On the 1st of April this year I got a nice cheery tax cut because, according to our National ACT government, people like me on the top tax bracket are the hardest working and most deserving. As a private sector worker earning a good wage, paying my mortgage with some to spare, and barely noticing the recession I suspect they’d say I was exactly what success looks like to them.
Oddly, though, under the current policies of this government I’d probably still be on the sickness benefit able to work only 5-10 hours in a good week.
Not so long ago, due to health and crime circumstances beyond my control, that’s exactly where I was. Getting me back on my, “successful”, feet was a combined effort of systems, organisations and people; a genuine welfare system. I was fortunate to receive good welfare support from the benefit system, counselling through ACC’s sensitive claims, awesome care from the public health system, support from a state sector with a commitment to equity and workplace reintegration for people with chronic illness and disability, an open accessible education system, and a first class public transport system. Not to mention the variety of public servants in a wide range of organisations with the time and mandate to help me through.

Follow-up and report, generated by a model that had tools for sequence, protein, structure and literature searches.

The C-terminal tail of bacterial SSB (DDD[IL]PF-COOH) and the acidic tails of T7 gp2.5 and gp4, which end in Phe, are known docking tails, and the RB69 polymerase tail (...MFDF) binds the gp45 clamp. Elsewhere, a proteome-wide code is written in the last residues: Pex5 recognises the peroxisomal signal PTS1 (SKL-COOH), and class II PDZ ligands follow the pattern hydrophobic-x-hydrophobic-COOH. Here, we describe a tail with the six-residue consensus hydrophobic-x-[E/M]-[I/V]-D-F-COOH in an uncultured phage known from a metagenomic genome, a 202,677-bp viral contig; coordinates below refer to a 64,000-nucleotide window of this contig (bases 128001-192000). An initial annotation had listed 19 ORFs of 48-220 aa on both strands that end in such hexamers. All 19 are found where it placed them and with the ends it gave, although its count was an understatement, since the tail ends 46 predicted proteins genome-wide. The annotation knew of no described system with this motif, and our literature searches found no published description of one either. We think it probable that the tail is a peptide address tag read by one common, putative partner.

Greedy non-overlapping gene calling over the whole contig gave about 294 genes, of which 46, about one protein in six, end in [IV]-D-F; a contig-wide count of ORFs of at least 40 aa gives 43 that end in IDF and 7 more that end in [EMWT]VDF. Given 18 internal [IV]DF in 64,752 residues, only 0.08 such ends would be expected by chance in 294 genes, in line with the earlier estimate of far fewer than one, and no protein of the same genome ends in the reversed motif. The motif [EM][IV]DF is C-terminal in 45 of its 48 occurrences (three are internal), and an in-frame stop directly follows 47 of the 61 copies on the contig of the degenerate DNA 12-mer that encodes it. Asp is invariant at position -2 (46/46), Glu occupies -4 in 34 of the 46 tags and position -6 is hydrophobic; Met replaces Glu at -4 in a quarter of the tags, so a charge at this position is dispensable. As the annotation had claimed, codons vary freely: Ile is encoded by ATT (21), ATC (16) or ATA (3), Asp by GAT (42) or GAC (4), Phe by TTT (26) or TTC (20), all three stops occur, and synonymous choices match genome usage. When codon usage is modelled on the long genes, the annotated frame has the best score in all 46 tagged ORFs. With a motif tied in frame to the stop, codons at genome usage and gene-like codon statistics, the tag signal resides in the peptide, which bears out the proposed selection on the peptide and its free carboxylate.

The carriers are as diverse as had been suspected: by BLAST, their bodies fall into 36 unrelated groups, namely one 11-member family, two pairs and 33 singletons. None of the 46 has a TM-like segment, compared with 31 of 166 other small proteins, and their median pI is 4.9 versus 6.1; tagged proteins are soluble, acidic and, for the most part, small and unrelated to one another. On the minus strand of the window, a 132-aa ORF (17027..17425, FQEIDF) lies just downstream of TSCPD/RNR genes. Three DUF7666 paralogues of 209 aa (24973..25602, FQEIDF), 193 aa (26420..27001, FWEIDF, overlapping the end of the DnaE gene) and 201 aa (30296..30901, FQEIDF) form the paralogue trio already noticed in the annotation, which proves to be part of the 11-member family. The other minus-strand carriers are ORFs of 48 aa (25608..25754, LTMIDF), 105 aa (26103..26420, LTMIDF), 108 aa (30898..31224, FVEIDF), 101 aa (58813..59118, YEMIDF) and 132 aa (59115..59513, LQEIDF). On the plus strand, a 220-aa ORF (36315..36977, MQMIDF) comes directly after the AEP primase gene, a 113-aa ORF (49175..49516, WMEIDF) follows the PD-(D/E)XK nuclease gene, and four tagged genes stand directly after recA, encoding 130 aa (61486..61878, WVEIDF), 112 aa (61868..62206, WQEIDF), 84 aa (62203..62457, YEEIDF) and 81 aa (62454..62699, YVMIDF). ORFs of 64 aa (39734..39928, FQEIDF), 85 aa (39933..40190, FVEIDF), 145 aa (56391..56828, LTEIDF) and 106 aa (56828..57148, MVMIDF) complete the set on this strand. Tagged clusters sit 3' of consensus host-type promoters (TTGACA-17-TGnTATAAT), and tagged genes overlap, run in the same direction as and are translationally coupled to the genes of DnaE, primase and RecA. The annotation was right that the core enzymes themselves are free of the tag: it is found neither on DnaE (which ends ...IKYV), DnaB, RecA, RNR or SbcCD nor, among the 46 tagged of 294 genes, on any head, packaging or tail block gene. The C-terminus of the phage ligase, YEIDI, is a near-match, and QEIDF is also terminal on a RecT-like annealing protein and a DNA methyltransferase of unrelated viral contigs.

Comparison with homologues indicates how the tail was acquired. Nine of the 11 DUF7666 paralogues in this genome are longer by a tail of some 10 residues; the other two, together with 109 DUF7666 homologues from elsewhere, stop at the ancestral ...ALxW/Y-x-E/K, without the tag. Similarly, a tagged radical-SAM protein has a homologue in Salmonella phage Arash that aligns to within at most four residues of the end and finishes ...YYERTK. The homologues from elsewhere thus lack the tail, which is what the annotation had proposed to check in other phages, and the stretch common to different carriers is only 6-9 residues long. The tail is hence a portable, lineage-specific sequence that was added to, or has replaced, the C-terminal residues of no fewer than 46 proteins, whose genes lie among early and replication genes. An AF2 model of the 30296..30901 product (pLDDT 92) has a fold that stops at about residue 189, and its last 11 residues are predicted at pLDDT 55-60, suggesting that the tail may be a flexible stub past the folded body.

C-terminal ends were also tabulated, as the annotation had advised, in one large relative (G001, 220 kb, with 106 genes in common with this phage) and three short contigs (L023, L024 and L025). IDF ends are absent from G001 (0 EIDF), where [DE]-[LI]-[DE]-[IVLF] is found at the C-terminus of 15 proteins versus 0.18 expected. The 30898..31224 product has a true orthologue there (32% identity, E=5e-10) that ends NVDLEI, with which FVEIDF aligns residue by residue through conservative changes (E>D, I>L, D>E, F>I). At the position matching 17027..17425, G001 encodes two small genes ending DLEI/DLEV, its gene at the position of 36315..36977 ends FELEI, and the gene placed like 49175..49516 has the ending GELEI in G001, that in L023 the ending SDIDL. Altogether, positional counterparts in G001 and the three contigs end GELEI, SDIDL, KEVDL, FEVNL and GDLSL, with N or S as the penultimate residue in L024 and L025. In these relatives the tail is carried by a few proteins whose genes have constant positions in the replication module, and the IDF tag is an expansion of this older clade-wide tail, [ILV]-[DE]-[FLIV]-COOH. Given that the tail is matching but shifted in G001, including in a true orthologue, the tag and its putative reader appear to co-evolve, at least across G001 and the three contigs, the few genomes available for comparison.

How many of those systems will survive the current policies? How many face cuts that make the services useless or impractical? How many of those good people have been made redundant by the state sector cuts? Or overloaded by work from their departed colleagues? Or operating under new “guidelines”?
National and ACT may laud people like me who succeed in their eyes, but they’re taking away the small pieces ofÂ support that make our success possible.
So the next time you see the politics of envy rhetoric, think of me: given a tax cut I didn’t need and wishing that every cent had been put into the services that we all rely on when things go wrong.